The Leavenworth Way of War

History Discussion at CGSC

H103: The Professionals

The 18th Century saw the perfection of the concept of the professional army. From the point of view of the monarch they were a great asset to the kingdom –ensuring protection from enemies from within as well as without the crown’s borders. The professional army had numerous positive attributes. It also had limitations. Both its attributes and its limitations directly effectived how the Kingdoms and Empires of the 18th Century waged wars. What were those effects?

Today the Western military forces, including the U.S. Army, are considered the finest professional military forces ever produced. As a professional military force, what attributes, both positive and negative, does the U.S. military, and the army in particular share with the professional forces of Frederick the Great’s Prussia?

Do the professional attributes of the U.S. military effect how the U.S. military wages war in a way similiar to the professionals effect on war in 18th Century? If so, how?

September 21, 2015 - Posted by | Uncategorized


  1. Professional armies are more effective than mercenary armies, which are profit-motivated and casualty-adverse. In King Louis XIV’s professional army, officers were nobles motivated by higher ranks and privileges. Nobles competed for military rank to enhance their social standing. This resulted in loyalty to the throne and contributed to the effectiveness of the professional army. A key limitation of the professional army is its inability to maximize its stock of talent. As officership in the professional army was limited to the higher and middle classes, the army was unable to optimize the talent of its entire population, within which might contain soldiers with a better aptitude for leading.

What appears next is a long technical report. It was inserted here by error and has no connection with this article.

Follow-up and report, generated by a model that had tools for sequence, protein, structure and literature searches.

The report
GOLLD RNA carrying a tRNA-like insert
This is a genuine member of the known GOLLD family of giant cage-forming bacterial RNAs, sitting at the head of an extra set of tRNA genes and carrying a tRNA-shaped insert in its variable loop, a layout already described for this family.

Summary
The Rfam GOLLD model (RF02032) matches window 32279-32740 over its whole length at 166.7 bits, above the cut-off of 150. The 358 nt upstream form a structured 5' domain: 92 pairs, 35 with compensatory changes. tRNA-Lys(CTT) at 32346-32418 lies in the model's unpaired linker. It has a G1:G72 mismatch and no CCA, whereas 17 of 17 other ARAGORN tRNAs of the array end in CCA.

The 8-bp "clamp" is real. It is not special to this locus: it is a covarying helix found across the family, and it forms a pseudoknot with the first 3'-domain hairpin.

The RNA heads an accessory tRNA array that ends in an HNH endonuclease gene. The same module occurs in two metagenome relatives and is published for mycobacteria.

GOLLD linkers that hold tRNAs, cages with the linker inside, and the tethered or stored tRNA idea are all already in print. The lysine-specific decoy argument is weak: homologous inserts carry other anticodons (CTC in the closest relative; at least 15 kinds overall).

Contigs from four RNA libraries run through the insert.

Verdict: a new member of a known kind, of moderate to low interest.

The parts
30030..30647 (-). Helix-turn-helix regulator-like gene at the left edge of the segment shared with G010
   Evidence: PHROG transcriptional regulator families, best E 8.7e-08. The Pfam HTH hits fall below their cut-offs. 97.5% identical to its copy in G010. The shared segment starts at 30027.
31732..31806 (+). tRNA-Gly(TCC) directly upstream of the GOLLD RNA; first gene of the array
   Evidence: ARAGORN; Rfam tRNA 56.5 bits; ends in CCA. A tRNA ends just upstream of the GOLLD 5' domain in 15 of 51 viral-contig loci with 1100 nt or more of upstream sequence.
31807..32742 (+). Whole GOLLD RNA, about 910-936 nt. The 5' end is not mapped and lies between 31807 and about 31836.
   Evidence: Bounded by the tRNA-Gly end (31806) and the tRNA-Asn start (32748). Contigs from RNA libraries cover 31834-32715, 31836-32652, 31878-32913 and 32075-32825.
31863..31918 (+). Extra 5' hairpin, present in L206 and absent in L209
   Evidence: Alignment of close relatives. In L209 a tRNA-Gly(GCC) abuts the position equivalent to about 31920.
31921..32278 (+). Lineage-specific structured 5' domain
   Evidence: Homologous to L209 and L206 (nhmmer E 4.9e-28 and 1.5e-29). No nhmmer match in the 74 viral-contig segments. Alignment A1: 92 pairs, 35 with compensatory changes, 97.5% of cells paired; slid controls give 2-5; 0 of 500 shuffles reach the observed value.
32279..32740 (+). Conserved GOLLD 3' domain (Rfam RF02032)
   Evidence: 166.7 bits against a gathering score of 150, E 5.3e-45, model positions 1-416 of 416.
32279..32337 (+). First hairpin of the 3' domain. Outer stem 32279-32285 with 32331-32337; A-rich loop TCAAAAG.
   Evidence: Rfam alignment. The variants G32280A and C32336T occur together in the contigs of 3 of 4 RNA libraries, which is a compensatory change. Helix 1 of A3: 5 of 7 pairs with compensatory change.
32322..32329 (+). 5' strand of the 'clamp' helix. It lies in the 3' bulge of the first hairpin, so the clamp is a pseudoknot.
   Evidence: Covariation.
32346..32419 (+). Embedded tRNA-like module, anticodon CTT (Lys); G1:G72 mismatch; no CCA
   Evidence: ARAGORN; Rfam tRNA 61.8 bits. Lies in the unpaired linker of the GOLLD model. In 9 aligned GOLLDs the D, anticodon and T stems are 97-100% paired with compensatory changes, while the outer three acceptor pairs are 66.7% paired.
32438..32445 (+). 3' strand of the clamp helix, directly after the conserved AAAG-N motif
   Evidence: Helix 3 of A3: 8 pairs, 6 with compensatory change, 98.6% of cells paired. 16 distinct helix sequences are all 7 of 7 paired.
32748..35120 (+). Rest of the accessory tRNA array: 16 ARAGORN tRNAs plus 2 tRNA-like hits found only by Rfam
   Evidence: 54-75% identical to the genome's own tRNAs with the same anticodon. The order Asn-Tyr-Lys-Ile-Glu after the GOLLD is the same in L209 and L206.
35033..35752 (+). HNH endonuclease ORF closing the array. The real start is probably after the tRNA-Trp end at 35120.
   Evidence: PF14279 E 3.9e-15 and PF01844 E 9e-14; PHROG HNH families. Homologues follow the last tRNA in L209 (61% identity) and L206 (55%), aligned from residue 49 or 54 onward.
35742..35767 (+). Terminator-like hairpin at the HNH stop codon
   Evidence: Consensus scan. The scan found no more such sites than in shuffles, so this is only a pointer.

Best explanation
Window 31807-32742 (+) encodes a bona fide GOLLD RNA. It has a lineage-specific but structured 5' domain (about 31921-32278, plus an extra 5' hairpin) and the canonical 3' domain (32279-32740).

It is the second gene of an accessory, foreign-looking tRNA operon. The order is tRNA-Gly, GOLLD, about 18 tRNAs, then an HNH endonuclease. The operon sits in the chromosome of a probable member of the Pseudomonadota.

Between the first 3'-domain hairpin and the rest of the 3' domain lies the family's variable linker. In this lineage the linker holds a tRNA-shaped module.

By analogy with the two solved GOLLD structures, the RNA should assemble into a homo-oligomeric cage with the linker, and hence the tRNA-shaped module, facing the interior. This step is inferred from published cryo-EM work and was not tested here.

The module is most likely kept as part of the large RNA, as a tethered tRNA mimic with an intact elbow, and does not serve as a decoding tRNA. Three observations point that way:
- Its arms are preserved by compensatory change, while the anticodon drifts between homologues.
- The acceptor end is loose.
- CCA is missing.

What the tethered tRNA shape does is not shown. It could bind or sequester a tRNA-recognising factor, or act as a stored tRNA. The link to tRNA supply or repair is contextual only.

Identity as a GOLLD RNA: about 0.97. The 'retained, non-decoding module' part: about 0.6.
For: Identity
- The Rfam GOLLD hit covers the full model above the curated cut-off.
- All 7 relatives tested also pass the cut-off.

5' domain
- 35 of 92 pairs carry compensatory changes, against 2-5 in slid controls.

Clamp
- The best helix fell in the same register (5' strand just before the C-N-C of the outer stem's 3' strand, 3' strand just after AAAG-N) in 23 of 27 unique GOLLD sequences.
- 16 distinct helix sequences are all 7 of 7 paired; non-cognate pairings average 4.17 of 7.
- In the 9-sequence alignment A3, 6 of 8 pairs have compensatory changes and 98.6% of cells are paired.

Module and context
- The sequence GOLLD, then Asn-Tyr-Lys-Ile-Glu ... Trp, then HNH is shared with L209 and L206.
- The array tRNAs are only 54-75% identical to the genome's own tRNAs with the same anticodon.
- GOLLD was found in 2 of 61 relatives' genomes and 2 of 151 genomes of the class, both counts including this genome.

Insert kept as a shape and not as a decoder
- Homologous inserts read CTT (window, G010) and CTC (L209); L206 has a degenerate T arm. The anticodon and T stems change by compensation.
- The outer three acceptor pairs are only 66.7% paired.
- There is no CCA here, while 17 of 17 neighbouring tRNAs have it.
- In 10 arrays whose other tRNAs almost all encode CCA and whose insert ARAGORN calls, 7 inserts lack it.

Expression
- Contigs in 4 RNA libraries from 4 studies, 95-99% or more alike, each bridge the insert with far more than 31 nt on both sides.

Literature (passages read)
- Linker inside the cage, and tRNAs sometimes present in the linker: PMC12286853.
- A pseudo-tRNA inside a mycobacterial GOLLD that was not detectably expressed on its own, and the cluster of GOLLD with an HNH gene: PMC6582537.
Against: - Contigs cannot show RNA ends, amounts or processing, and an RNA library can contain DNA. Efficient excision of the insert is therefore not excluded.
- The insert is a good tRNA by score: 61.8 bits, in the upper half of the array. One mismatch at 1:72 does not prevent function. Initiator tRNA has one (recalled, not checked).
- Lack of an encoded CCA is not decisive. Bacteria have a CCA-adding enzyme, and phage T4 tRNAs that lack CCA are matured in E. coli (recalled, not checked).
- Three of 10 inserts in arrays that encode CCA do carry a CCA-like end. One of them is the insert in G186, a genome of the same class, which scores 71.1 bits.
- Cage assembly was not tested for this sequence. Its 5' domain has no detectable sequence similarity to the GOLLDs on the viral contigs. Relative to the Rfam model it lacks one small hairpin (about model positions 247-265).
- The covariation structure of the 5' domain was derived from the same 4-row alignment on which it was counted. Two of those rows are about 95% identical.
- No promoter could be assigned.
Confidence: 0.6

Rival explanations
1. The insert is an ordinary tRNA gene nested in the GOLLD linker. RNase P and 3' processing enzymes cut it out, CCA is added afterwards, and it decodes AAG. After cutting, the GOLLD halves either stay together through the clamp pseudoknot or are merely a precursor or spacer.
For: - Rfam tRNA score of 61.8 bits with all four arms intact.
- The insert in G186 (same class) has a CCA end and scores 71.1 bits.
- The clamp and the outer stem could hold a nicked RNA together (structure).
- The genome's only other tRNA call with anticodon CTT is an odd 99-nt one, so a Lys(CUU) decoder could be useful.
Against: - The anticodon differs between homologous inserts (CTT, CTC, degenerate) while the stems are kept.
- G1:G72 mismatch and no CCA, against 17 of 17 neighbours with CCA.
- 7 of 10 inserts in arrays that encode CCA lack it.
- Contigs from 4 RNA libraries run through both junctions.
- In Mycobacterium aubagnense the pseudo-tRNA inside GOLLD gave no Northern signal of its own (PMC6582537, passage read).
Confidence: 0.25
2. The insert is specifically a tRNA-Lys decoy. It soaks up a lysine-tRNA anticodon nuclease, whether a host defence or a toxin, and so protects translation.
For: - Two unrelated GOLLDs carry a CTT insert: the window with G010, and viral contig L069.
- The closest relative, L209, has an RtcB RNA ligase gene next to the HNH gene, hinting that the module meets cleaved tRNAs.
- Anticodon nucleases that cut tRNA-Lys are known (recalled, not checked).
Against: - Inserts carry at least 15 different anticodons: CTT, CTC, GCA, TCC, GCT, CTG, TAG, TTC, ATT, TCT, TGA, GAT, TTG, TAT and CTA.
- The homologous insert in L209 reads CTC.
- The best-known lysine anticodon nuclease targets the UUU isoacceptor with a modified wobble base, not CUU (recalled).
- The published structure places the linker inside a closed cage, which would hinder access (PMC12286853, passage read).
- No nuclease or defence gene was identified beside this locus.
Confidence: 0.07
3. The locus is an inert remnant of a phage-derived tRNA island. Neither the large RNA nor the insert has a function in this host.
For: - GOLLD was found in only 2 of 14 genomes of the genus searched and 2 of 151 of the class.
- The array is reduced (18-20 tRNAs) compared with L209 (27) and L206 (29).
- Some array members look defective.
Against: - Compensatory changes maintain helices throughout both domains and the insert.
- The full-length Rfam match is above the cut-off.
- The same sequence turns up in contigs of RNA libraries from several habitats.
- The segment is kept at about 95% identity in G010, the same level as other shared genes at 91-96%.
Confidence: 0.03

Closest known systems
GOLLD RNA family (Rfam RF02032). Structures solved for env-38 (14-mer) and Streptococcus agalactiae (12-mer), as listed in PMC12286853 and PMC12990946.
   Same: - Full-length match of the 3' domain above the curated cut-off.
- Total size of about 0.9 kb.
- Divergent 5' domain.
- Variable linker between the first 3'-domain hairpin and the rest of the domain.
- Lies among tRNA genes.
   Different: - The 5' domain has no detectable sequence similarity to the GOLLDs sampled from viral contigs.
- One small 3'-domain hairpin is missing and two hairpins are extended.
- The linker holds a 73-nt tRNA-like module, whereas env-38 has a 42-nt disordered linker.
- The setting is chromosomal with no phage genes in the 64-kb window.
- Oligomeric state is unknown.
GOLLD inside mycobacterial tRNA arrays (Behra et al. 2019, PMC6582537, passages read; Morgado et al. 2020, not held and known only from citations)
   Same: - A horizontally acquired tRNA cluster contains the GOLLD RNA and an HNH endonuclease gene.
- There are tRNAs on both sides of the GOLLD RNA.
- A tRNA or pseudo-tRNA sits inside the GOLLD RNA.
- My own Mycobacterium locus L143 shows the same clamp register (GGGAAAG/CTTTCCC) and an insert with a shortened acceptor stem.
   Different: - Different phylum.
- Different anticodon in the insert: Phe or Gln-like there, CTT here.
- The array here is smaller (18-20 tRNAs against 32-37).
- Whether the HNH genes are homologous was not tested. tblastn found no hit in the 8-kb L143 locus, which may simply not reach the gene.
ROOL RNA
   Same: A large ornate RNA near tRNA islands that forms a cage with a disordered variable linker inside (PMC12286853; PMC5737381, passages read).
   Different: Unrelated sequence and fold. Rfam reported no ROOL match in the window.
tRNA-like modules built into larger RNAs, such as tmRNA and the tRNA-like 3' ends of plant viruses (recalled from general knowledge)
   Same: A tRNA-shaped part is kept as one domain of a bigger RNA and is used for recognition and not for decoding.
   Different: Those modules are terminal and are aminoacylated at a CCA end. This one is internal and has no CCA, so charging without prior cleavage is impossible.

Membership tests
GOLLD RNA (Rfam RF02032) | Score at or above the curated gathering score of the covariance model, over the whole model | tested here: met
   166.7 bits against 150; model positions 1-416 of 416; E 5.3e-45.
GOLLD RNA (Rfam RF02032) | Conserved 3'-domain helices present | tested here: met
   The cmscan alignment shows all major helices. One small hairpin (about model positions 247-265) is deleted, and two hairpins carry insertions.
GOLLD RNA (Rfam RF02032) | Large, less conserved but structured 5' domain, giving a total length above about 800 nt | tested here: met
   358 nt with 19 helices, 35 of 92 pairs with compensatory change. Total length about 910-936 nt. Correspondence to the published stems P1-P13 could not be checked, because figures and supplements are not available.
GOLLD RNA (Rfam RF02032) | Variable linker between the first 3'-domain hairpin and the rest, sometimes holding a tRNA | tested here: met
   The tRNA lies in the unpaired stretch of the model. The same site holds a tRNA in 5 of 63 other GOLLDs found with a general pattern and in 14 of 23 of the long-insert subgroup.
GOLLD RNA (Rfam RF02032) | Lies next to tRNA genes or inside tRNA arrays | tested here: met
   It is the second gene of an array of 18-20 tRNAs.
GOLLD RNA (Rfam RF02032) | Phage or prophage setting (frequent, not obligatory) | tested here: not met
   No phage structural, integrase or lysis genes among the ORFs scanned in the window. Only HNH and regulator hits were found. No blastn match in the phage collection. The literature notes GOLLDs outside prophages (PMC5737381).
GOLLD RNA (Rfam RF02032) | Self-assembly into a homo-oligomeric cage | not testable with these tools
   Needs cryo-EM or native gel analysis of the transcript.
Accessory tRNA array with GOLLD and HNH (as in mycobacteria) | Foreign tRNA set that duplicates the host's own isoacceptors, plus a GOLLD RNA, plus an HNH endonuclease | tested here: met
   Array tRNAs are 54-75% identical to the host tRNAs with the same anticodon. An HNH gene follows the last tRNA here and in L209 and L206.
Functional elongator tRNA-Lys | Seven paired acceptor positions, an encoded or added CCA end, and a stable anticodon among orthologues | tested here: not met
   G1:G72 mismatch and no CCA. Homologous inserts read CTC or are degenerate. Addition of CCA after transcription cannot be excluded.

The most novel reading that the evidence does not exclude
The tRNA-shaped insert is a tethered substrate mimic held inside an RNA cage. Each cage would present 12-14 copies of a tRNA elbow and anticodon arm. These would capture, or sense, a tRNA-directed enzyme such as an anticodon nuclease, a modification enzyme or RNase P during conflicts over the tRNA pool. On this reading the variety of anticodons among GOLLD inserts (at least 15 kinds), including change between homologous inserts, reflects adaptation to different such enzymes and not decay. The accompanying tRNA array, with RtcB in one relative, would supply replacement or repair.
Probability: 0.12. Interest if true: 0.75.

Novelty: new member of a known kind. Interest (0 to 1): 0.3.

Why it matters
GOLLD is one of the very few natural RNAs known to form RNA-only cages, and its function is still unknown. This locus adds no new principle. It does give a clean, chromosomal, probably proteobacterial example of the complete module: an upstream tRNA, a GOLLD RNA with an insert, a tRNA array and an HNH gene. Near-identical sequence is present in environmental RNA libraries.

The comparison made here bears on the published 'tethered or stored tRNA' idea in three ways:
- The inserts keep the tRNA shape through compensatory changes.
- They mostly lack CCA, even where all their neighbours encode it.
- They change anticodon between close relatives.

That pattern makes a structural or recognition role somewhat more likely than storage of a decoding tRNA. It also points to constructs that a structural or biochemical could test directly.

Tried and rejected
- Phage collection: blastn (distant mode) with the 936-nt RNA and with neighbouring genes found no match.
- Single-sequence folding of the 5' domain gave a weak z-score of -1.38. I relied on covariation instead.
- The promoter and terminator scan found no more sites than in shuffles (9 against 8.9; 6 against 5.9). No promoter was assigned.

Comment by Luke Goh, 19B | September 21, 2015

  2. The professional army of the 18th Century effectively consolidated military power under the monarch and transitioned away from the mercenary forces of the Middle Ages. This professional army embraced the chain of command, a transparent rank system, and a common uniform. With these core concepts, the monarch leveraged prestige against his military professionals; this power consolidation and dispensation capability translated to the correlation between rank and privilege. From this monarch-appointed hierarchy, the professional army derived military law with the coercive elements of punishment to manage the lower ranks.
    While the basic structure of Frederick the Great’s professional army still exists today, the all-volunteer force of the American Army effectively engenders nationalism, opportunity, and duty concept to the state in lieu of fear through discipline. American soldiers supplant monarchical responsibility with duty to the nation. Instead of fear, soldiers gather additional forms of motivation as specialists. The professional soldier of today is more versatile, innovative, and responsible therein enabling the military to wage a highly dynamic and complex version of warfare vice the type of combat seen in the 18th Century.

    Comment by Matt Wunderlich, 19A | September 21, 2015

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